A closer look at SMC's financial aid
Careena Willmont is a student with dreams of transferring to Columbia University in New York. David Evenskaas moved to Los Angeles from Colorado to forge a career in acting. Jonathon Boyer is an army reserve hoping to break into the music business. These three are all students at Santa Monica College, but they share one other common denominator: they are among a population of thousands who receive financial aid to supplement their studies at the college.
"Aside from my full time studies at SMC, I'm also taking classes at the Musicians Institute [in Los Angeles]," said Boyer, 22, whose punishing schedule only allows him time to partake in the requisite army drill once a month. "With the money I receive, I'm able to concentrate nearly all of my time on my studies."
Boyer, Evenskaas and Willmont are among the over 6,000 recipients of the Pell Grant at SMC. However, with a reservoir of around $30,000,000 available in financial aid and scholarships, Steven Myrow, associate dean of Financial Aid and Scholarships, believes that there remains a number of students qualified to receive financial aid who fail to take advantage of this service.
"There's this common misconception among community college students that they don't deserve financial aid," said Myrow. "But in reality, if all SMC students were to apply for financial aid, over half would qualify."
"Even if a student is only eligible for the BOG waiver (a grant awarded by the Board of Governors waiving tuition fees), they might still save themselves roughly $750 a term," he said. "Now that's a lot of money, especially in this current economic climate."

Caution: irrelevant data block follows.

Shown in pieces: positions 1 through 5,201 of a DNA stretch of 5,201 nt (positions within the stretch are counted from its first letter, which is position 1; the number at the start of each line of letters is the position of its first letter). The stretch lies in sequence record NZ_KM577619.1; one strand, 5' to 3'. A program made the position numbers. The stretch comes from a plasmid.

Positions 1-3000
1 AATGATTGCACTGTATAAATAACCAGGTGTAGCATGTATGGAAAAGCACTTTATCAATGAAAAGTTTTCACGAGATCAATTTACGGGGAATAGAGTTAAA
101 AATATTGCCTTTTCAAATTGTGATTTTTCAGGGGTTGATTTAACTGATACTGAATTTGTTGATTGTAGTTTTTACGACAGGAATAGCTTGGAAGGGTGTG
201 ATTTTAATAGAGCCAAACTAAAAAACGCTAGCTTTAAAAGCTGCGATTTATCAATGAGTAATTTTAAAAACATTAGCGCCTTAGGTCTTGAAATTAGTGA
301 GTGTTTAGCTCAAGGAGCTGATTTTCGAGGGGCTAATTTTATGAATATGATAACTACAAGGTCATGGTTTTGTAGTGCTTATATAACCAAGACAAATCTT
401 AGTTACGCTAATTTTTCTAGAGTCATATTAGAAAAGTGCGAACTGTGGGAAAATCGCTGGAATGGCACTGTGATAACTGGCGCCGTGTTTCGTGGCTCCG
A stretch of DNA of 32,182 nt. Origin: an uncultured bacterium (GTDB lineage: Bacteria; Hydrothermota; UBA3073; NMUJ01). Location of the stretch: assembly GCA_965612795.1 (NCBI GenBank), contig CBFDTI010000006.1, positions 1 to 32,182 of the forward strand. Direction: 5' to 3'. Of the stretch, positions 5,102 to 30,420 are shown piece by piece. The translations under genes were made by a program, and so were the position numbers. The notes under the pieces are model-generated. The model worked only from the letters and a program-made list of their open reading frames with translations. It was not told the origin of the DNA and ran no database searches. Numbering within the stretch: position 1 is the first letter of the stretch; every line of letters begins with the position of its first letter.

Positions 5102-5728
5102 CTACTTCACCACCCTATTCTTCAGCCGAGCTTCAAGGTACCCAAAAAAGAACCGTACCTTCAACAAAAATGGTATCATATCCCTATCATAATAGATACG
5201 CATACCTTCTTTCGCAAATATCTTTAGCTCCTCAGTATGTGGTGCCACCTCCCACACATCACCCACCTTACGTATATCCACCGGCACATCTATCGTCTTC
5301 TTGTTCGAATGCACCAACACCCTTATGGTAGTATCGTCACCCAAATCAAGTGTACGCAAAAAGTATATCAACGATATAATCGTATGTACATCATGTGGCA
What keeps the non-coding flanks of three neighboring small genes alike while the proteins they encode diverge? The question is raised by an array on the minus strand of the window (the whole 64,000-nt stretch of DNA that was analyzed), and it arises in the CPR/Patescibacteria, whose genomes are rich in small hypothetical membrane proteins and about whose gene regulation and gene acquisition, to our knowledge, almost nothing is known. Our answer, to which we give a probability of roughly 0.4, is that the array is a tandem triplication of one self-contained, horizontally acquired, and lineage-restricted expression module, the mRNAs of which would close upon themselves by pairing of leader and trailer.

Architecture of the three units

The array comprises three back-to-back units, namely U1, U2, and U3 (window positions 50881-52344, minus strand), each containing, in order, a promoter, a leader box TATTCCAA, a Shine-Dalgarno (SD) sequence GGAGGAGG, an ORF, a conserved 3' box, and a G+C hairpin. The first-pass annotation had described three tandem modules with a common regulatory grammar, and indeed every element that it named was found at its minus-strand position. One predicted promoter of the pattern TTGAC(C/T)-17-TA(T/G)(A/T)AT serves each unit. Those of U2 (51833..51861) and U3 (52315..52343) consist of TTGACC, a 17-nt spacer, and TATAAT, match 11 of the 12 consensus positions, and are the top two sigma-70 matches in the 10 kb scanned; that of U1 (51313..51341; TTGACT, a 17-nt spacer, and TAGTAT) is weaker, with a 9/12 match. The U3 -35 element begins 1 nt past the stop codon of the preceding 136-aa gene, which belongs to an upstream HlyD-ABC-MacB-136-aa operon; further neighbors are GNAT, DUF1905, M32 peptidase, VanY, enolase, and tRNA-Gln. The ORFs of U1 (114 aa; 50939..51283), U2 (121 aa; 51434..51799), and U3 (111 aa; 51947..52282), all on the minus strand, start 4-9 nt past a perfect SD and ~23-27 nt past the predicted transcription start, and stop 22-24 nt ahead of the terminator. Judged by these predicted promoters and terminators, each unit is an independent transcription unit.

In a review before the Board of Trustees last month, Myrow addressed the current state of financial aid at SMC. This included an overview of the initiatives taken over the past five years to streamline the program, and a speculative advisory as to any anticipated changes in federal and state financial aid.
Myrow highlighted the department's efforts to modernize an archaic financial aid system that up until five years ago was a window to a bygone era of tedious manual crosschecking.
However, with the introduction of the automated Satisfactory Academic Progress (SAP) assessment system, Myrow said that the status of each student no longer has to be processed by hand and now can be verified almost immediately.
With the advent of electronic applications and a more interactive information system (including a soon-to-be-introduced student self-service portal where students can check the status of their application online), Myrow said that the improved accessibility and efficiency of the system means that students are receiving their money faster than ever before.
Nevertheless, Myrow admitted that this is an area still open to improvement, and Boyer is one of those who knows firsthand the shortcomings of the current system.
"I submitted my application one week before the start of the semester in February, and I still haven't received any money, nearly two months later," said Boyer, who receives up to $20,000 from the military to reimburse student loans.
More applicants than ever before are applying for financial aid. Myrow says this is because a quicker, more "user-friendly" electronic approach exists to inform students of their financial rights.
The amount awarded in Pell Grants has almost doubled from $7,421,141 in the 2002-2003 academic year to $14,746,534 for 2009-2010. The BOG waiver program mirrored this trend. It too saw a near four-fold jump in money granted from $1,550,208 in 2002-2003 to $1,550,208 in 2009-2010.
Myrow also said that the recently legislated Direct Loan Program is another reason for students to celebrate. By sidestepping the banks, and therefore preventing students from accruing huge interest-laden profits, Myrow believes that the current system is one that is fairer and more efficient for all those concerned.
The primary concern for students like Boyer, Evenskaas and Willmont is the speed at which forms can be filled, applications processed and the money dispensed. In most cases, this money is not a luxury. Willmont insists that the money she receives is needed "to pay for life."